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About Mstislav Rostropovich
Mstislav Leopoldovich Rostropovich was born in Baku, USSR on March 27, 1927. His first name means "avenged glory"; he is familiarly known by the root of the name, "Slava," which means "glory." His father, Leopold, was an excellent cellist, and after 1931, a teacher at the Gnesin Institute, Moscow after attending the Moscow Conservatory. Slava's mother was an accomplished pianist. The family moved to Moscow in 1931; Slava had already begun cello studies with his father and continued them there. His first public appearance was at eight years of age. In 1939, he entered the Central Music School, studying there until 1941. He then entered the Moscow Conservatory in 1943 and studied cello with Semyon Kozolupov and composition with Vissaryon Shebalin and Dmitri Shostakovich, graduating with highest distinction in 1948. After that he became a musical secretary to Sergei Prokofiev and developed a warm relationship with the ailing composer. It was due to Rostropovich's presence that Prokofiev rewrote his earlier Cello Concerto in E Minor, transforming it into a much more imposing work, the Symphony-Concerto for cello and orchestra, Op. 125; his late sonata for cello and piano, and began work on a Concertino for cello and orchestra, which the composer did not finish. It was completed by Rostropovich and Dmitri Kabalevesky.
Rostropovich began a major career in the Warsaw Pact countries. He won the International Competition for Cellists in Prague in 1950 and other major awards. He began to be heard throughout the U.S.S.R. and Eastern Europe. He made his first appearance in the West in Florence in 1951, and his international career continued to grow. On a social occasion he met Galina Vishnevskaya, one of the leading new sopranos of the Bolshoi Theater of Moscow, proclaimed that he had fallen in love with her at first sight, and within a very few days had convinced her to marry him, proposing in Prague while they were both on tour there. In her engaging autobiography she admits that she did not really know who he was and was somewhat frightened by his intensity; she was also wary of men at the time since she was being sexually harassed by Nikolai Bulganin, President of the U.S.S.R., who in his efforts to make her his mistress had made veiled threats that he would make things difficult for anyone else she became involved with. There was, indeed, a brief effort to pressure Rostropovich, but this evaporated as Bulganin's position in the government became more and more as a mere appendage to that of the real power, Party Secretary Nikita Khrushchev. Vishnevskaya wrote in her autobiography that she believes their marriage survived because neither had seen the other in performance; they fell in love with each other as people rather than with their partners' stage image.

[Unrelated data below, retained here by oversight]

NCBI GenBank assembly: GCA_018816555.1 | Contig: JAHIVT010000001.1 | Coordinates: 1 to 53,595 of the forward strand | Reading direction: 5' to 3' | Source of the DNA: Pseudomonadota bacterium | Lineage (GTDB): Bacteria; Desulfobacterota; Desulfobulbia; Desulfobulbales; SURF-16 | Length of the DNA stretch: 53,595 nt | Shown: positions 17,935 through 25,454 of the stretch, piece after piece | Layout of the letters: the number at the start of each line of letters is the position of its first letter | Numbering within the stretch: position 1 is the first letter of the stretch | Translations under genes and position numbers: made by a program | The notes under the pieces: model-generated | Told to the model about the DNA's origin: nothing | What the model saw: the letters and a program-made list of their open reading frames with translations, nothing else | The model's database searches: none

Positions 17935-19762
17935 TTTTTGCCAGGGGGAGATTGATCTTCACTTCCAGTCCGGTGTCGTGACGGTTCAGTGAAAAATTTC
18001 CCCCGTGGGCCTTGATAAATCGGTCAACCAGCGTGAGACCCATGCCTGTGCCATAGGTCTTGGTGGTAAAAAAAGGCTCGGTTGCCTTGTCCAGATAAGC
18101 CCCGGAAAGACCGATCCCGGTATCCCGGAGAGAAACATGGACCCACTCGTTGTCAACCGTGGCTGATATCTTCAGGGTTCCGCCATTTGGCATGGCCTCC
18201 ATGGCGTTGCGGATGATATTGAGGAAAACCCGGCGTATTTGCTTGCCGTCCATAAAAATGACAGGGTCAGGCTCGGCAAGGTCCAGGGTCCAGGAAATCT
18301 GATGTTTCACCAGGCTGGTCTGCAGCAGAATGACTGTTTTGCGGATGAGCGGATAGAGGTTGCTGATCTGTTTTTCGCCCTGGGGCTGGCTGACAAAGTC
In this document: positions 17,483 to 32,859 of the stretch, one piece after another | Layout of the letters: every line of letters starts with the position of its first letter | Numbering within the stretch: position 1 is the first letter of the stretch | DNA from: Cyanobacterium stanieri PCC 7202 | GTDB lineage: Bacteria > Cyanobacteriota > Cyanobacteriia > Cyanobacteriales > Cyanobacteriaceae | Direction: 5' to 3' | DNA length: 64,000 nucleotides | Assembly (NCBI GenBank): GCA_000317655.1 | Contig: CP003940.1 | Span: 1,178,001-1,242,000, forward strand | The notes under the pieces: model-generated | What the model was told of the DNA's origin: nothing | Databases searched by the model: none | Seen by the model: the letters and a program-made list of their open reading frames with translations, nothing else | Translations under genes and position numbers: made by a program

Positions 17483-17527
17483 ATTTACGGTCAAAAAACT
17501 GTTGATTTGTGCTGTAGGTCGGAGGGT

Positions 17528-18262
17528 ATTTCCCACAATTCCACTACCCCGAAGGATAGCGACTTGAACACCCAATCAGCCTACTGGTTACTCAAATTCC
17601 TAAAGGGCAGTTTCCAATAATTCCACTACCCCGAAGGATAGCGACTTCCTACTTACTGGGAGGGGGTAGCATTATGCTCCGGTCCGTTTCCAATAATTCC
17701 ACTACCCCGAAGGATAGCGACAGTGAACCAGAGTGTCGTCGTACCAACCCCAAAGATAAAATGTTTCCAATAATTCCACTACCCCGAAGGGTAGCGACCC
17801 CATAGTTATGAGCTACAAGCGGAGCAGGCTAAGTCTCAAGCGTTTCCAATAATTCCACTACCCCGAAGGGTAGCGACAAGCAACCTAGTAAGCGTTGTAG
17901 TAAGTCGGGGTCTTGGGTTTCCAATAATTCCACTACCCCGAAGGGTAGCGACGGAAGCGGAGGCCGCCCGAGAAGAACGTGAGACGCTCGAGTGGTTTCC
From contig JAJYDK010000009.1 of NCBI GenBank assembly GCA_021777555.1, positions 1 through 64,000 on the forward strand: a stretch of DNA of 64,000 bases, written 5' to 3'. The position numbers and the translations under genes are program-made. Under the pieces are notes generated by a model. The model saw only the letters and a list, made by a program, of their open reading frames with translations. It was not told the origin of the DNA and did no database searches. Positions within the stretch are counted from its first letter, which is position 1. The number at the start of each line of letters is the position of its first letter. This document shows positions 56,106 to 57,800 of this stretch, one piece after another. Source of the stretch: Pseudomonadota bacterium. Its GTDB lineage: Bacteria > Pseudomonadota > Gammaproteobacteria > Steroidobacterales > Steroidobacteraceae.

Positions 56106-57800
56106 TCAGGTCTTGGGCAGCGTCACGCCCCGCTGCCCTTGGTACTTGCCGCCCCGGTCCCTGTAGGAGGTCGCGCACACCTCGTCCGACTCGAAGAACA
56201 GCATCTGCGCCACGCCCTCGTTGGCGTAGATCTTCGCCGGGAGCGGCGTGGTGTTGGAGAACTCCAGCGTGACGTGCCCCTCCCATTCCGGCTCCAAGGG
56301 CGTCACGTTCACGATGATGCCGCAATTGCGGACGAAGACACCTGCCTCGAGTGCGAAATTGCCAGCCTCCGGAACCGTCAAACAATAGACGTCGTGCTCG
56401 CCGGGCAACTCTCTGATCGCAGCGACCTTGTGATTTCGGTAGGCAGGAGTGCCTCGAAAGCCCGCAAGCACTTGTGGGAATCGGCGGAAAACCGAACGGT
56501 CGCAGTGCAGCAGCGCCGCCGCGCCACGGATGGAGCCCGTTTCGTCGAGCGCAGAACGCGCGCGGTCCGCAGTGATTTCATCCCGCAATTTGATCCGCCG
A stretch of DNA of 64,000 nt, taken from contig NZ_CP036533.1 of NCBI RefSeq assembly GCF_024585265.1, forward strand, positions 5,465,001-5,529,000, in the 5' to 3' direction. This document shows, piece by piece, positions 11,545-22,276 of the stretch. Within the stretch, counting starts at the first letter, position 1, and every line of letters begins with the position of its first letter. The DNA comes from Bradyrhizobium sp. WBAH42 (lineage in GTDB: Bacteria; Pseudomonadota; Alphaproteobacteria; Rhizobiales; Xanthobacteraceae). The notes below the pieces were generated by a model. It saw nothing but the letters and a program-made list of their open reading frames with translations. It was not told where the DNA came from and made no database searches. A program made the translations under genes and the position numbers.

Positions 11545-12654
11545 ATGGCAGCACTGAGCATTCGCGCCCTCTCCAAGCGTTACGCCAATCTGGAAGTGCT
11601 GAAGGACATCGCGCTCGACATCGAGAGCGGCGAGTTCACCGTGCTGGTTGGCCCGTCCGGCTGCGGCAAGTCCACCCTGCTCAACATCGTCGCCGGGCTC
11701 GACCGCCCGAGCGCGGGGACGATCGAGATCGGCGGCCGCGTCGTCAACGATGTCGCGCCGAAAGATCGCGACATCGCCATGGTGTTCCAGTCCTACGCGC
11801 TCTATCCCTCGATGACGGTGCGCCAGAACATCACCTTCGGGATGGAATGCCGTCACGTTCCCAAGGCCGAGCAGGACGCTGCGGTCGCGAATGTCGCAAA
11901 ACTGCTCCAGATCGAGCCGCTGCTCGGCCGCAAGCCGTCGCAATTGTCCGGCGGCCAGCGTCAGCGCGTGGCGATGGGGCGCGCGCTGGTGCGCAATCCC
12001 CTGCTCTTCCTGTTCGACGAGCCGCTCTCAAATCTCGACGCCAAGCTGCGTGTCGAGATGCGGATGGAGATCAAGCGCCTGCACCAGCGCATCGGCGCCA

Bulganin did make good on some of his threats, one of which was to cancel an upcoming 1956 tour of the West. It was reinstated at the last minute, however, and proved to be an essential event on the development of Rostropovich's career. He appeared in London at the Festival Hall in March 1956, his first British appearance. Then he made his American debut at Carnegie Hall, New York in April, 1956. Rostropovich was universally hailed in both cities as an exceptional musician, in fact a superstar, to use a current term which was not then in use. He had the mysterious charisma of a true star, and backed it up with phenomenal talent, technique, passion for the music, communicative ability, and instinct for the composer's message. One of the remarkable qualities of his art was the unprecedented ability to project the instrument's sound with fullness and strength in all its registers. In the warm, naturally forceful medium register he exceeded most cellist's strength of tone. But it was his handling of the extreme registers which was breathtaking. The upper register, which in most cases is weaker, became under Rostropovich's bow possessed of a heroic, tenor-like clarion quality. The lowest register, which threatens to become a muttering sound at fast tempos, remained clearly articulated, strong and solid all the way down to low "C." His intonation was unusually accurate and secure. His fluency and mastery of rapid passage work was also remarkable, even in the most difficult "thumb" positions. He had a full command of the multitude of special effects which are available on the instrument, and a wide variety of tonal color at his disposal. His performances had a firm sense of rhythm, either a heroic or passionately ardent presentation of the music, and a sure grasp of the structure and emotional logic of the composition. He had complete command of the styles of all the musical eras and national schools in the standard cello repertoire.